Inside SUPREME: Anatomy of a Global Streetwear Cult

When the controversial young rapper Tyler, The Creator won the award for Best New Artist at the 2011 MTV Video Music Awards in August, he offered an enthusiastic, yet expletive-laden acceptance speech. “Yo, I’m excited as fuck right now, yo,” he said. “I wanted this shit since I was nine. I’m about to cry.” But with MTV’s censors on high alert, the speech was broadcast more like this: “Yo, I’m excited as – –— – , yo. I wanted – – – – —- -.  — – –-.”

With the audio missing for about a minute straight to avoid any profanities and Federal Communications Commission (FCC) fines, viewers were left with no choice but to absorb Tyler’s image in mute. Clad in skinny dark jeans, an oversize tie-dye T-shirt with an image of a cat’s face on it, and a Supreme baseball hat with a leopard print brim, Tyler, who is 20 years old, was the only artist at the award show who could be said to actually embody how young people dress today. No outfit made from meat, no fancy three-piece suit with a cocked fedora, no oversize bling: Tyler looked exactly how certain young men at this very moment choose to wear their clothes on the streets all over the globe.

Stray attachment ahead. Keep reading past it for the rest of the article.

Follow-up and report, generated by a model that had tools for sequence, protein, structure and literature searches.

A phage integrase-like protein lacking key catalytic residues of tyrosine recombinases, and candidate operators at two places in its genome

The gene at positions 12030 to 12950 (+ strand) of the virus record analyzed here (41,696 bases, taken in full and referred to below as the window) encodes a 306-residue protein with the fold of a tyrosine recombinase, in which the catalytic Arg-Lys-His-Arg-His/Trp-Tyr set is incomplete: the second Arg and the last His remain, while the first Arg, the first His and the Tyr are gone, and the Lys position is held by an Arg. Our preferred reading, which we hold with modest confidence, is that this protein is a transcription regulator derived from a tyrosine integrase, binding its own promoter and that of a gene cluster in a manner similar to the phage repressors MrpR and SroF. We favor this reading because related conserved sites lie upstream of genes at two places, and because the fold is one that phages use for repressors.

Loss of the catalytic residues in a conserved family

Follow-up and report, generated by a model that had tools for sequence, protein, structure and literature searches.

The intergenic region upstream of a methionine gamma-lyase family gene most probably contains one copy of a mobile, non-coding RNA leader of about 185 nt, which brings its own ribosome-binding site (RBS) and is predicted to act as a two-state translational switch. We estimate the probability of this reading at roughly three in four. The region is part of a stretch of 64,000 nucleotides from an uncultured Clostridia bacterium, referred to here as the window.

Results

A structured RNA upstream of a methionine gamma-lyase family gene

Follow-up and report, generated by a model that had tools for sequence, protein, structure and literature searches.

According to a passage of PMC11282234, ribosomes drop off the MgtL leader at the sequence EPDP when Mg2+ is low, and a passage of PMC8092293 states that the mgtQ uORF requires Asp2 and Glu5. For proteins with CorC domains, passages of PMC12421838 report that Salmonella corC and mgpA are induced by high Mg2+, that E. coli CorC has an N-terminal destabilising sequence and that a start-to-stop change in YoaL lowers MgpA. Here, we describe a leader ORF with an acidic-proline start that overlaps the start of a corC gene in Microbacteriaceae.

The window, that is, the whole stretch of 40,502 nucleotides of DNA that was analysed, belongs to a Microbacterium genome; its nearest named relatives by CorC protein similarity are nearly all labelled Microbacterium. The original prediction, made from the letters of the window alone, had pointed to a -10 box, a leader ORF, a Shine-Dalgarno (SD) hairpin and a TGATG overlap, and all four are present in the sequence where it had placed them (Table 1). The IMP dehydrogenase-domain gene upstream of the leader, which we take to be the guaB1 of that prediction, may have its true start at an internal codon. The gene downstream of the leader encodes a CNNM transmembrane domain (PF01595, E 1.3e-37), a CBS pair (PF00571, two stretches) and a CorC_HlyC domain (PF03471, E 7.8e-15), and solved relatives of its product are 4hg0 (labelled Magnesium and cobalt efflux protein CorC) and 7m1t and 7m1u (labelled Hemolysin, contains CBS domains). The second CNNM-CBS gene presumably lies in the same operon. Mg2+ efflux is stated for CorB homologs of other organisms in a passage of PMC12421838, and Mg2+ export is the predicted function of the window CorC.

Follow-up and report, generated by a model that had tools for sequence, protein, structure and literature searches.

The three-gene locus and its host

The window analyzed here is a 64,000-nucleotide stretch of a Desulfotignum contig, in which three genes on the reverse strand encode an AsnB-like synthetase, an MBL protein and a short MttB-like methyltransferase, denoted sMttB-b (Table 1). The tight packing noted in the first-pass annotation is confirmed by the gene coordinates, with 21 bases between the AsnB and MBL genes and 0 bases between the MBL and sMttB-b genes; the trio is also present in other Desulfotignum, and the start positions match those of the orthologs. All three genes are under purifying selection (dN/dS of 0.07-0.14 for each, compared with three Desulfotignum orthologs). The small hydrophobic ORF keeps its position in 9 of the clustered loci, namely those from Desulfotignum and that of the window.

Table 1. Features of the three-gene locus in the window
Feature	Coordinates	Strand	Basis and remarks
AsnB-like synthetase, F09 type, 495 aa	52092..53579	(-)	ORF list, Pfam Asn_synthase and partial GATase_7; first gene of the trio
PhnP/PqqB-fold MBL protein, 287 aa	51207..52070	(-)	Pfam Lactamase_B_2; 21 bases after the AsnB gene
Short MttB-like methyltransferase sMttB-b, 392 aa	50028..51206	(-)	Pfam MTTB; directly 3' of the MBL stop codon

It’s no coincidence that the only logo the image-conscious Tyler wished to communicate was the one on his Supreme hat. After all, Tyler’s hodgepodge street aesthetic – a big chunk of skateboard culture and urban hip-hop with a dose of American sportswear prep and a winking, intelligent take on hipster irony – is the one Supreme has been cultivating for the past 17 years since opening its first shop on Lafayette Street in 1994.

Read full article at Business of Fashion

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